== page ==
If you need to trim one small branch do you buy a handsaw from the bargain rack or a Stihl chainsaw for $450? I suppose it depends on your financial condition but you get the point.....
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Old July 19, 2004, 06:35 PM   #11
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Mossberg 500

or some permutation thereof
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Old July 19, 2004, 06:51 PM   #12
ducktapehero
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Quote:
BTW the Ithca 37 was originally Remington design, they dropped it for the model 31 which was dropped for the 870.
Coke dropped the real thing for that nasty ass new Coke. Companies make mistakes.
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Old July 19, 2004, 11:47 PM   #13
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Basic home defense requirements are met at a bargain price with a Mossberg 500 as was previously mentioned. Remington and Ithaca are wonderful to be sure but for some jobs the 10 dollar hammer is every bit as good as the 40 dollar one.

At the shop I work at the Mossberg is the #1 seller for home defense. I can't say as I like the pistol grips some folks get. The Defender Model in .410 is just great especially for folks of small stature. I'd like to think that the racking of a shotgun is an effective tool for dealing with miscreants. The Mossbergs sound every bit as menacing and are every bit as effective as their more expensive counterparts.

DISCLAIMER: The aforementioned opinion is mine and mine alone and reflects my personal choices in firearms. I thank God that Glock does not make a shotgun or I would be in serious trouble here!
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Old July 20, 2004, 12:10 AM   #14
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For this particular scenario, I would vote for a Mossberg too. Good value for the money. At this time in history, I think most reputable makers have mastered the slide action (pump) shotgun sufficiently that the occasional use envisioned here would not be served by more expensive models, as others have noted.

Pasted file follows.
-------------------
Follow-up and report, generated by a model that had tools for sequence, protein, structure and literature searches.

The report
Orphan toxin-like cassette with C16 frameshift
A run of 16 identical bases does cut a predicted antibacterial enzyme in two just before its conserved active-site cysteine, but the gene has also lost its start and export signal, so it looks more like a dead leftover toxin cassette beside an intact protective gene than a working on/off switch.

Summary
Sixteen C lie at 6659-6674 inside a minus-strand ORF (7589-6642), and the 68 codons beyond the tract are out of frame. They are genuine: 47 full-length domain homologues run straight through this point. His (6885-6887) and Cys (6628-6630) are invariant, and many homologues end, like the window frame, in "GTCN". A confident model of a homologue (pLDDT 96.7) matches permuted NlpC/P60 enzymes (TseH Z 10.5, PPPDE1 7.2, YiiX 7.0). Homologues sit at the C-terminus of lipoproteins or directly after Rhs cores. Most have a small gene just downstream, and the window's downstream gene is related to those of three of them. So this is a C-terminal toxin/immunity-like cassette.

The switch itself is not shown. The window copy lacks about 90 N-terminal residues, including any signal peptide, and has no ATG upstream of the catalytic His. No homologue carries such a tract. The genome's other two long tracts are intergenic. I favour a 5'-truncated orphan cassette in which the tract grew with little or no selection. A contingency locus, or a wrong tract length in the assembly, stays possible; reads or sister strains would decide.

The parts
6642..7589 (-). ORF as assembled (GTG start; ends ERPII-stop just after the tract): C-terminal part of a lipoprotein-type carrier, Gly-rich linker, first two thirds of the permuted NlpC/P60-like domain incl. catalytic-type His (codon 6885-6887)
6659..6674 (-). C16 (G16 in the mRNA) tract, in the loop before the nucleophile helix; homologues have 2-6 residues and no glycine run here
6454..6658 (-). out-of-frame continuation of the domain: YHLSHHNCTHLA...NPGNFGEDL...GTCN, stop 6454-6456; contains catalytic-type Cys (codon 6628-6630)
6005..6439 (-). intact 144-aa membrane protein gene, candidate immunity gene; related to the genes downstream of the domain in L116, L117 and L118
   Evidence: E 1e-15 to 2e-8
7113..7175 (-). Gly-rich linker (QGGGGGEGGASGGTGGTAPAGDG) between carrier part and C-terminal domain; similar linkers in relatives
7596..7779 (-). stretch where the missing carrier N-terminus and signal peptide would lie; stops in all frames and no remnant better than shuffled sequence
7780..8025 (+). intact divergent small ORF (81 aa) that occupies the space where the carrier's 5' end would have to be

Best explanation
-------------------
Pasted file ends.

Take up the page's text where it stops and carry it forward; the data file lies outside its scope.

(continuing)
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Old July 20, 2004, 07:25 AM   #15
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I take the advice of a master carpenter I once had dealings with.

"Quality tools pay for themselves in the long run"



K80 who just bought a Stihl chainsaw
(For a lot less than $450!)
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Old September 3, 2004, 03:24 PM   #16
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I have a Mossberg 500, and agree that it is an excellent choice. However,(just to confuse things a bit ) since it's for just-in-case, he might consider one of the import double-barrel coach guns. I think the Baikal is around $200 and the length makes them very handy for a home defense situation.

There's no scarier sound than a pump being racked, but there's no scarier sight than a pair of 12ga barrels looking at you.
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Old September 3, 2004, 03:39 PM   #17
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Don't overlook the Winchester 1300. Not as much $$ as the Remington, but a respectable piece.


I'd never recommend a double for anything other than cowboy reenactments or just fun shooting.
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Old September 3, 2004, 08:33 PM   #18